In essence, what NBC is producing is a reality-television program, with high stakes and teen stars, a daredevil version of “Gossip Girl” (or a less-fatal “Hunger Games”). They have chosen a theme song and cast the leads — the team competition broadcast continued to advance the narrative that Jordyn Wieber was a downtrodden soul in need of redemption, despite how ebullient and recovered she looked going into the team final. The time-delay on this year’s games has given NBC the cushion to create an even tighter arc. Gymnastics is a rare sport that can be edited to tear at the heartstrings — it is not possible to simply leave out a quarter of a basketball game, but it is normal in gymnastics coverage to to excise performances from other countries to craft a more seamless arc for the home team. The falls and crashes can’t be erased, but our interpretation of how much they matter can vary wildly depending on the storyteller. On Tuesday night, NBC barely aired the routines of athletes from other countries, making the women’s win seem like a fait accompli from the start (in fact, it was a close race with Russia through the balance beam, and the two Russians are strong contenders for the all-around).
These are great stories that can ennoble us. (One can only imagine the effect that watching young women like Gabby Douglas and Missy Franklin will have on the next generation of female athletes.) But milking such stories robs them of their power and risks turning them into mere cliché. Also, focusing primarily on a handful of stories — e.g., the Fab Five, Michael Phelps, Misti-May Treanor and Kerri Walsh — gives us a myopic view of the Olympics that has no room for some many other powerful stories because they don’t necessarily fit into a certain narrative.
Going solely on NBC’s coverage, it might be difficult to remember that the Olympic games are a world event, not just an American one. It’s good to root for the home team. But one of the Olympics’ great joys is that we can set aside political and cultural differences and be united by something greater. Yes, the winner’s anthem plays at the medal ceremony, but the Olympics help us to forget about flags and the accomplishments of nations, and instead, celebrate how something like a wrestling match can bridge vast political differences.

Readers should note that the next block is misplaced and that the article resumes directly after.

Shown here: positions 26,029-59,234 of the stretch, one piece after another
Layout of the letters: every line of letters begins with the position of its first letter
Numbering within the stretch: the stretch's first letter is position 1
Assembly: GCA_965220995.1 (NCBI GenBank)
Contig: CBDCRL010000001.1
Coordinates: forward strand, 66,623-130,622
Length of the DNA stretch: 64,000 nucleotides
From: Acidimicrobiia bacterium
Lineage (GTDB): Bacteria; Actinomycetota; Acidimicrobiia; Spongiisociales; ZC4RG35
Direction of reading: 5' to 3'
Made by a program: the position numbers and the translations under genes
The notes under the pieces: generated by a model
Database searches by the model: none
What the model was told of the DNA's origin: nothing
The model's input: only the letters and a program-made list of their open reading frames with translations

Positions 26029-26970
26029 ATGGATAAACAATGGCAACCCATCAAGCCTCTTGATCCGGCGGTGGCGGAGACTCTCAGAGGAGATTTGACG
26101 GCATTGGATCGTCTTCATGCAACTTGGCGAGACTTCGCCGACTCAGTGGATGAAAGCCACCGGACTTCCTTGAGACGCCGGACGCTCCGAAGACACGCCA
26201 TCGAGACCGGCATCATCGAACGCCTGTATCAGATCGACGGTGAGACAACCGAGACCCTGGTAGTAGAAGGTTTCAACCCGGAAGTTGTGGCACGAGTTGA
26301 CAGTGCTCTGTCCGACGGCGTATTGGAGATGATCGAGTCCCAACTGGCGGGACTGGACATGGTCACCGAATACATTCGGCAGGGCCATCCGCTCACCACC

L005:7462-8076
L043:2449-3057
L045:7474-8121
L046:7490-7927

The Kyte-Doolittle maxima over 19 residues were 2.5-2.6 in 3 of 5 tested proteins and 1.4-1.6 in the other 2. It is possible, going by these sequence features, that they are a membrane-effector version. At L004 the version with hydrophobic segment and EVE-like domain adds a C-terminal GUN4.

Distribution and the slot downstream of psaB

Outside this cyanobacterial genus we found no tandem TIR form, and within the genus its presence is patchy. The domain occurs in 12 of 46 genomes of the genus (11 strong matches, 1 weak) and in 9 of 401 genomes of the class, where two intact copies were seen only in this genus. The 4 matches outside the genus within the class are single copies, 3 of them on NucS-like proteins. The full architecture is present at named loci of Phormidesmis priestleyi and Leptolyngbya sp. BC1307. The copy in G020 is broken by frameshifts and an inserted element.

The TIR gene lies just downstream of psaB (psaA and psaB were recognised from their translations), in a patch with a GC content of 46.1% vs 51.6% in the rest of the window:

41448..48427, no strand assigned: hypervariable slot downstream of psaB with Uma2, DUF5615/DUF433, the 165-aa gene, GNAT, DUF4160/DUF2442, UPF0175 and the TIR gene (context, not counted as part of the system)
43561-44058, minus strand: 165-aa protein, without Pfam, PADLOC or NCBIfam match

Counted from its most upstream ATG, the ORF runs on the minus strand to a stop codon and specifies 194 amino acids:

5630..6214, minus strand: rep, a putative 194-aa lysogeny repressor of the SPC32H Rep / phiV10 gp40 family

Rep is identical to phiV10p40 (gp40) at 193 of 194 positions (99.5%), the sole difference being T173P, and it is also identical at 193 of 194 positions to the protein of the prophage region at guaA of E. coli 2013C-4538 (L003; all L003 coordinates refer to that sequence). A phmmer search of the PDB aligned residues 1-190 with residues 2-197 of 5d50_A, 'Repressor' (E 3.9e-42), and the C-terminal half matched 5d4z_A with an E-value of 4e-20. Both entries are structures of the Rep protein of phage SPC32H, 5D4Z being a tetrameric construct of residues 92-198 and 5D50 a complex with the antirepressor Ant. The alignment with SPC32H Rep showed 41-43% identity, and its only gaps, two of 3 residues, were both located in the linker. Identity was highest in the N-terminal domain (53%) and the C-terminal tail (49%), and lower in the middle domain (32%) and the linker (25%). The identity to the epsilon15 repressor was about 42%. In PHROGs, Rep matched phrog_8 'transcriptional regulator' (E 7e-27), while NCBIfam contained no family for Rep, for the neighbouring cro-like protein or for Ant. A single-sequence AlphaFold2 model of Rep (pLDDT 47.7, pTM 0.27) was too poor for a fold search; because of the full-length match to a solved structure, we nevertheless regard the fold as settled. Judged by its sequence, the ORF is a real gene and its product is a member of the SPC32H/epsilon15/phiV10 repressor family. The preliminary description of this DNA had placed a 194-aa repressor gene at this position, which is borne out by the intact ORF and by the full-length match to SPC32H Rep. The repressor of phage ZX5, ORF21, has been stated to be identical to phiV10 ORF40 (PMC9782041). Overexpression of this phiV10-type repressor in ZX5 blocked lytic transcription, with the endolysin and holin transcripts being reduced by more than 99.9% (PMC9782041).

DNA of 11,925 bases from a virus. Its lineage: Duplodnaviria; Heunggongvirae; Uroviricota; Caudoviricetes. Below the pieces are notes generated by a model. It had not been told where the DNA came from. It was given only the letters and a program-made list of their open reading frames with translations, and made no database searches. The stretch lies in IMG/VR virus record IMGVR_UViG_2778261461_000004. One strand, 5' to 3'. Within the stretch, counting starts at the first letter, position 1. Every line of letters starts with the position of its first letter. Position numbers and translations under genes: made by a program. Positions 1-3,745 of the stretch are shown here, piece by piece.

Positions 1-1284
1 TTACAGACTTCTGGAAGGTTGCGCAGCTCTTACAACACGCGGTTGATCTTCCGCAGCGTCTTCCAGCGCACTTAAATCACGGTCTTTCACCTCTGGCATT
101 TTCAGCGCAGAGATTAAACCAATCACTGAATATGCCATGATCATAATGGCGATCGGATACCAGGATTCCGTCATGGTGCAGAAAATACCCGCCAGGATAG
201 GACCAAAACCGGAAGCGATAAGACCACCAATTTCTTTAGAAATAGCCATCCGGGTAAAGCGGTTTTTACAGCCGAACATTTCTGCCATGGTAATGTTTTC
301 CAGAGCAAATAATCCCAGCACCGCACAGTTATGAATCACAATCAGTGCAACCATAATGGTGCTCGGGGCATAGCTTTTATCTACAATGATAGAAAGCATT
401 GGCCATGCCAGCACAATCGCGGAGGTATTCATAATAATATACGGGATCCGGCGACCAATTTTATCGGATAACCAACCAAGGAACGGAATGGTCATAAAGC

Sadly, NBC’s coverage overlooked some of the Games’ most powerful stories. Unfortunately, because they didn’t involve American superstars, one can’t help but think that NBC deemed that they weren’t interesting enough. They include: Shin A Lam, the South Korean fencer who stood her ground for an hour to protest an unfair ruling; Chinese hurdler Liu Xiang, who completed his race on one foot after tearing his achilles tendon; and Turkish runner Merve Aydin who completed her race despite injuring herself. To the best of my knowledge, these stories received little-to-no coverage on NBC. And yet, their images are enduring testaments to what the Olympics represent, and speak to everyone regardless of nationality.
NBC spent over a billion dollars to acquire the London Games’ broadcast rights, and they more than recouped their investment. Which, if you’re feeling cynical, means they’ll just keep doing more of the same. But in keeping with the Games’ spirit, one hopes that NBC realizes that their Olympics coverage ought to be more about commercialization. I believe the Olympics are special, not just because of the amazing athletic performances, but because of how they provide us with a way to celebrate something in common with people around the world. Broadcasting that to millions of people is a sure moneymaker, but it is also an awesome responsibility that deserves the best efforts. And NBC, I know you can do so much better.